“The doors closed, and the lift car shot into motion with hardly any sensation of movement.  Spock noted the profusion of display screens that ringed the top of the lift car, and the complexity of the interface screens placed at eye level.  He preferred the austerity of the Enterprise’s turbolifts, with their dearth of distractions and an optional control handle.


“It was clear to him that the two ships had been designed and constructed in different eras, according to very different aesthetic design standards.  Such drastic changes in a short span of time were not unusual among the humans of Earth, though it had proved a constant source of bemusement among their Vulcan and Andorian allies.”

I could buy this somewhat-plausible explanation – the example given is akin to a car made in 2018 compared directly to the visual design and features of a car made in the 1990s.  I said I could buy the explanation, but I’m not – throughout both the novel and the first season of ‘Discovery,’ the Enterprise is unequivocally identified as the newer, better starship, with the Shenzhou being the older model – so it’s like saying the ’90s car and its outdated technology is actually newer and more preferred in today’s society than a brand-new 2018 model.  Wrong!

Elsewhere in the novel, Mack also tries valiantly to explain why the uniforms from the two series look so different:

“[The] team from the Shenzhou wore dark blue Starfleet utility jumpsuit uniforms with black trim, while the Enterprise team sported pale gold or light blue jerseys over black trousers – a new uniform style that so far had been issued exclusively to the crews of Starfleet’s vaunted Constitution-class ships.”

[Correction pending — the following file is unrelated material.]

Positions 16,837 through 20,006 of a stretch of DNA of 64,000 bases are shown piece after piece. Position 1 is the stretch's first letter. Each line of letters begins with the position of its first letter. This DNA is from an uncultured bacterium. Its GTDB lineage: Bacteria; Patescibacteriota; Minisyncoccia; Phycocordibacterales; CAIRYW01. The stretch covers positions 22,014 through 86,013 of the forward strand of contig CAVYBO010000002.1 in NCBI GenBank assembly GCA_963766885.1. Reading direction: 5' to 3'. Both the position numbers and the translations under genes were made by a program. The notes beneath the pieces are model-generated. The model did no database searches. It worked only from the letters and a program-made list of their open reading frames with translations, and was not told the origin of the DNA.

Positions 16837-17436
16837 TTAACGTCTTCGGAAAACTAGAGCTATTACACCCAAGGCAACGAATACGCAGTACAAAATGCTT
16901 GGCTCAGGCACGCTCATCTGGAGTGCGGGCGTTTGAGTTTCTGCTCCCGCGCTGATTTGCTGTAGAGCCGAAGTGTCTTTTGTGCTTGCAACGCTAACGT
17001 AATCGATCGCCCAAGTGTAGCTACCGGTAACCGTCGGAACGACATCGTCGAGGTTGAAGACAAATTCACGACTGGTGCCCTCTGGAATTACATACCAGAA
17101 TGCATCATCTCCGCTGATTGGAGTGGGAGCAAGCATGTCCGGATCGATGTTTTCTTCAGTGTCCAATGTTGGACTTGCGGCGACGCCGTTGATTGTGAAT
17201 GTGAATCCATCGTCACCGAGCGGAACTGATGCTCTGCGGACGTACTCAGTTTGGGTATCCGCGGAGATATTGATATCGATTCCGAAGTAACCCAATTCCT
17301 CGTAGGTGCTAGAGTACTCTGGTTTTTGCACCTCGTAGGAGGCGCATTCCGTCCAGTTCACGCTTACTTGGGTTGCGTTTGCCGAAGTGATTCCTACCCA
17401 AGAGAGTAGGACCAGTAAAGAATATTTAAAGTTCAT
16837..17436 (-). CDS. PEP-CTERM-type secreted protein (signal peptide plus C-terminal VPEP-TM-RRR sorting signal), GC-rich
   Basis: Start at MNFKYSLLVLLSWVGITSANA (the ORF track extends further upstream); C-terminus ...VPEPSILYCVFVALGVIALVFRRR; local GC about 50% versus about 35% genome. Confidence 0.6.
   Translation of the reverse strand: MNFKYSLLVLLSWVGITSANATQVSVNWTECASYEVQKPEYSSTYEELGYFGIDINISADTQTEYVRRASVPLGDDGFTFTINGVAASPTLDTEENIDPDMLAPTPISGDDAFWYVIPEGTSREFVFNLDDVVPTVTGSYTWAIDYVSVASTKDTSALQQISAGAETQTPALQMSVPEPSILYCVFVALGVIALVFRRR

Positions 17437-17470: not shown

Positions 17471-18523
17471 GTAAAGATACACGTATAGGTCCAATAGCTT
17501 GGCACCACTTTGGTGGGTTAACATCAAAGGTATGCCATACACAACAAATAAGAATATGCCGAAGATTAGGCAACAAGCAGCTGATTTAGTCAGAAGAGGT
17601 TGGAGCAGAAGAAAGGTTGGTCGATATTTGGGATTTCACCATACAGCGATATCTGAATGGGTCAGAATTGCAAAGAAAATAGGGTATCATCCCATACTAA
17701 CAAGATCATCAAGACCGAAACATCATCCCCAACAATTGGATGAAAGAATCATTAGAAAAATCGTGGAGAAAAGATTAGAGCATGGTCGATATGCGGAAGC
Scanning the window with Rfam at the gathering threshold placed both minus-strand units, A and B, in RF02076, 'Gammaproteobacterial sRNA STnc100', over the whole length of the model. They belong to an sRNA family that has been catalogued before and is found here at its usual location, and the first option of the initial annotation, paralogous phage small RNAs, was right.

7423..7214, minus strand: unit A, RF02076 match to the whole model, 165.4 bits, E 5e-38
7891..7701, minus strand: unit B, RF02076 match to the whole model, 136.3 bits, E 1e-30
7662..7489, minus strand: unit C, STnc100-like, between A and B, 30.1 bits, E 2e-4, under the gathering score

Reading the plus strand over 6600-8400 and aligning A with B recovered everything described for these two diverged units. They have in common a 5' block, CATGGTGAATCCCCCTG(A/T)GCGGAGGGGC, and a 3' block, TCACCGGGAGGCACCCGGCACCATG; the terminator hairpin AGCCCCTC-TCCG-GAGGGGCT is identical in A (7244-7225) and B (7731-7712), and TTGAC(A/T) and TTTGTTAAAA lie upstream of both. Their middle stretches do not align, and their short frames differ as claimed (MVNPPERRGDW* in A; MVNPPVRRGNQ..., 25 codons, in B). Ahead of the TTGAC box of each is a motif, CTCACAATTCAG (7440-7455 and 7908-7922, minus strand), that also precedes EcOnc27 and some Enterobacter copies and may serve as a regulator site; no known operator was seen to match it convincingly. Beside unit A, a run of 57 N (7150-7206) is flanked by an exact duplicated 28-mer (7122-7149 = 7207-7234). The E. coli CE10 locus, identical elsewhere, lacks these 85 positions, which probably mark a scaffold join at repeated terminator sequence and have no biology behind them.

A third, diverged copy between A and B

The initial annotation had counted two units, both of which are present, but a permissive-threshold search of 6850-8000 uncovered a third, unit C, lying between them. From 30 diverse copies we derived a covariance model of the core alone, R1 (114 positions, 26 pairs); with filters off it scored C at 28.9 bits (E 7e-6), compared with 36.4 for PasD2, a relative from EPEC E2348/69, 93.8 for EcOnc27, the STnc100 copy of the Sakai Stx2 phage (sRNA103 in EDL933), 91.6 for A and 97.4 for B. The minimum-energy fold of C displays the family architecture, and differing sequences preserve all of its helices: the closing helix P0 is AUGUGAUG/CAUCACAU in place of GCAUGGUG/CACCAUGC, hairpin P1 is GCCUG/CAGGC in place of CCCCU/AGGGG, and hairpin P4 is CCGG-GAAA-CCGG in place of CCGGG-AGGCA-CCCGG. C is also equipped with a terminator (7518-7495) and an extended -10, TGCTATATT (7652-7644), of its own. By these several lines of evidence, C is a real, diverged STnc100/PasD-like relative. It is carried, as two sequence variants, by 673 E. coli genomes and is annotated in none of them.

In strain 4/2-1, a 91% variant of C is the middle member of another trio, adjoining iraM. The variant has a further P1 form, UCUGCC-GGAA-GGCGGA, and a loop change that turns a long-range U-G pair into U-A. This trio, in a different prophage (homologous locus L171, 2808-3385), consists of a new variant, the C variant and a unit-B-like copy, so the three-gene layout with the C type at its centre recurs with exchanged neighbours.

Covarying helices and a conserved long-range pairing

Nice thought, but The Original Series clearly showed many starbases & outposts where Starfleet crews there were also sporting the primary-color look.  And speaking of incorrect uniform design: the logo insignias on the Starfleet uniforms of the Shenzhou and Discovery crew are all wrong for the year (approximately 2256) that this novel and the first season of the show take place in. At this time in the established Trek timeline, each ship was wearing its own insignia patch; the well-known A-shape “starburst” that all Starfleet officers are shown wearing in ‘Discovery’ belonged exclusively to the USS Enterprise.  Another hole in the theory, unfortunately.

Listen, I credit the powers-that-be for trying to sync ‘Discovery’ into the Trek timeline, I really do.  But the choice to insert the show into such an established area of Trek canon just feels like an overall poor choice for me, especially with their drive to put such a different visual spin on things.  After all, imagine if ‘Rogue One: A Star Wars Story’ (set immediately before the events of the 1977 film ‘Star Wars) had decided to soup up the X-Wings and the characters’ outfits to look drastically different from what ‘Star Wars’ had given fans on-screen 40 years ago.  Think lots of folks would have been pretty upset with that?

I hate to end by directly comparing two of the great sci-fi franchises of the last 50 years, but the statement is an obvious one: ‘Star Wars’ created a brand-new story set into an already-established area of its own canon and got it right, aesthetically speaking – why couldn’t ‘Star Trek: Discovery’ do the same?